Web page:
We don't just talk cars ... we teach how to buy them.
2013 Subaru Outback Pros, Cons, Prices
And How To Get The Best
(See Also: "How To Buy A New Outback At The Lowest Price")
The Subaru Outback is actually closer to an SUV than it is a wagon thanks to its generous interior space and secure all-wheel-drive handling. And while often mounted with canoes, bikes or kayaks, it still manages to offer the superior fuel economy and overall driving comfort of a sedan.
And new for 2013, the Outback comes with a more efficient four-cylinder engine, a restyled front end, revised suspension tuning and an improved CVT (continuously variable transmission), while new features include keyless ignition/entry and optional adaptive cruise control.
2013 Subaru Outback
That said, however, it's always wise to not only consider a vehicle's appealing characteristics, but to also measure the possible impact of its potential drawbacks before making a final buying decision. And then, if one decides to proceed with a possible purchase, it's essential to also have a rock-solid plan for getting the best possible price (see the "How To Get The Lowest Price" link below).
Spacious interior: Several years ago the Outback was redesigned with a major shift towards space at the sacrifice of some of its handling capabilities. The result is a still nice-driving (but less athletic) vehicle with plenty of cabin room, particularly in the rear quarters where passengers can enjoy abundant head and legroom. In addition, the seatbacks recline as well, making for even more comfortable accommodations.
Generous cargo space: There's 34.3 cubic feet of cargo space behind the rear seat, expandable to 71.3 cubes by folding them down. To put this in perspective, this is more than some midsize SUVs such as the Ford Edge and on a par with the very popular Honda CR-V.
Versatile roof rack: If it doesn't fit inside, chances are the very useful roof-rack system will take care of it. Its foldable rails can swing inward to become crossbars for versatilely securing kayaks, bikes, snowboards and more. And the Outback's lower height, as compared to SUVs, significantly eases the task of loading them.
Comfortable ride: The Outback offers a composed and compliant ride that's generally quiet, although there is sometimes some elevated noise due to wind around the the roof racks. The more powerful V6 models are additionally smooth and quiet.
2013 Subaru Outback 2.5i interior
Strong off-road abilities: While the Outback isn't intended to be a rock-climbing, mountain goat like the Jeep Wrangler, it is most definitely at its best and confidently athletic off road. With 8.7 inches of ride height and standard all-wheel drive, it's well-equipped to take on a variety of inhospitable surfaces, both on-road and off, and is particularly adept handling deeply-grooved camping trails for those who love the outdoors.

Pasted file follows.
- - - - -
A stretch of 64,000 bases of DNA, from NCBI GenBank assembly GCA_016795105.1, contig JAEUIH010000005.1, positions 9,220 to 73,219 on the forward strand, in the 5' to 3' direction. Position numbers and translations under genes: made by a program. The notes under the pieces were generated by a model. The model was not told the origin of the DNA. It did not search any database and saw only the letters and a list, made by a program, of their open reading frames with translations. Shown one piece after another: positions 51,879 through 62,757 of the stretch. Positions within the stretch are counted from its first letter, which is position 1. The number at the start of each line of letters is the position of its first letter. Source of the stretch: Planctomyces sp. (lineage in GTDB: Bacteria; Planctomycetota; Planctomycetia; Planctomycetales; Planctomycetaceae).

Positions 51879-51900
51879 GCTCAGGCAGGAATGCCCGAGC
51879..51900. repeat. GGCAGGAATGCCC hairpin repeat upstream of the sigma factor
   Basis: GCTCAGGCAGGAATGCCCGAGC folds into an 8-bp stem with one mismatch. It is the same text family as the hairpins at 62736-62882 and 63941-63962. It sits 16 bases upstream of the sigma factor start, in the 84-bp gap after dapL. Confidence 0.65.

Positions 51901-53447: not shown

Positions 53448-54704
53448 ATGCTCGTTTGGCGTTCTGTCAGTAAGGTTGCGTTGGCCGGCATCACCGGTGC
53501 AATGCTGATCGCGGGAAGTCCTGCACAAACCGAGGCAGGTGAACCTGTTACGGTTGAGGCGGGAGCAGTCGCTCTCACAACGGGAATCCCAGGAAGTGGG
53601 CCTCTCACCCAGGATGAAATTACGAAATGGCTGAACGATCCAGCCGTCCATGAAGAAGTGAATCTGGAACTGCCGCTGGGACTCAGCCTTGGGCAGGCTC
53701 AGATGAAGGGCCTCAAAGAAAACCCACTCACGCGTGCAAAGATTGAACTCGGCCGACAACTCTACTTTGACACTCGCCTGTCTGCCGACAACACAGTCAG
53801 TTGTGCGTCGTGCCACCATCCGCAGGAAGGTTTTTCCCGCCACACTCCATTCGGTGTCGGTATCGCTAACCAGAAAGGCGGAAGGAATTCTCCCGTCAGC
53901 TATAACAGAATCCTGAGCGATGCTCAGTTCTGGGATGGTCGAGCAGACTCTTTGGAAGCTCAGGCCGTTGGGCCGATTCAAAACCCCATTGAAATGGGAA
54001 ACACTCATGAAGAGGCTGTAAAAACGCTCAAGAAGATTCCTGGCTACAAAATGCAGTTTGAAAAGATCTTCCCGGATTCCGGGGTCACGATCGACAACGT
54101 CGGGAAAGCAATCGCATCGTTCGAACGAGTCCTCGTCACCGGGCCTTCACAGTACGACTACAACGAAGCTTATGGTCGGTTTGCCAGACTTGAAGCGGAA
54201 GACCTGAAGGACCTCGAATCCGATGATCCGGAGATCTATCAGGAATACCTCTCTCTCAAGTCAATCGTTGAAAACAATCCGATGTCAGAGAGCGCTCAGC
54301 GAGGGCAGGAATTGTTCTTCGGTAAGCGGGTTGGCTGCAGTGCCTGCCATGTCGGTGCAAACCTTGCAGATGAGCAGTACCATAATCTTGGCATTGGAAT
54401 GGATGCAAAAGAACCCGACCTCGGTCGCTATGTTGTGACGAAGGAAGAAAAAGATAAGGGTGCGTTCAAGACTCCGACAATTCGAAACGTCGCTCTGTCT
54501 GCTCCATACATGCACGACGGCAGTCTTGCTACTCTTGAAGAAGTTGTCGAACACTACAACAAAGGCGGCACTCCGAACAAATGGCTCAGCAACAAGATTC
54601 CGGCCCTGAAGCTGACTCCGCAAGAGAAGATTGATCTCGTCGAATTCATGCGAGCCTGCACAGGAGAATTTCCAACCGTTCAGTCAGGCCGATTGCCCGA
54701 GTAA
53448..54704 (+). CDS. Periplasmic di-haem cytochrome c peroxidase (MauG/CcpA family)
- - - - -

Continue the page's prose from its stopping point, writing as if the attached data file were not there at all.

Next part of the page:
Carlike gas mileage: Even with its considerable off-road mobility and accommodating size, the 2013 Outback's more efficient four-cylinder engine gets an EPA-estimated 24 mpg city and 30 mpg on the highway with the CVT, while models with the 6-speed manual are rated at 21 and 28, respectively.
Possible agility issues: The Outback's redesign in 2010 traded a good dose of its snappy handling for a larger, more comfortable and more functional interior. However, this year Subaru has revised the the suspension tuning and stiffened its structure to improve body roll, steering feel and overall handling.
Below average V6 fuel economy: While the 3.6R V6 models are good for a healthy 256 horsepower and 247 pound-feet of torque, and can sprint from a standstill to 60 mph in an impressive 7.3 seconds, its fuel economy is a below average at 18 mpg city and 25 highway.
Limited towing capacity: The V6 Outbacks have a maximum tow capacity of 3,000-pounds, which is fine for most loads but not enough for many boats, larger trailers and the like. Again, this is a station wagon, not a heavy-duty SUV.
The 2013 Subaru Outback is highly recommended for those who value all-wheel drive and plenty of passenger and cargo space, especially those with an outdoor lifestyle.
How To Get The Lowest Price:
Best Negotiating Tactic: Well, there's definitely a 'best way' when it comes to new car buying. If you want to get the best bottomline, out-the-door price you need to know exactly who to talk to at the dealership, how to make the contact and how to make this person eager to quickly drop prices as low as possible to get your sale.
Here's the details on exactly how to get the best price on a new Subaru Outback ... or any other vehicle.
Also, For 'Used' Car Buyers ...
Those of you in the market for a used car may want to check out this article about how to buy a used car at the lowest price. It details a super effective buying method, one that often beats down prices to wholesale levels.
And somewhat related to this, here's another excellent method that identifies Price-Distressed Cars Right On Dealer Lots. These are vehicles they are so desperate to unload they would welcome your wholesale offer.
In addition, you can also try Open-To-The-Public Auto Auctions in your own geographic area. While there can be a lot of junk vehicles at these auctions, there are often absolute gems sprinkled in as well. This article reviews what to expect at open-to-the-public car auctions and how to locate them in your own area.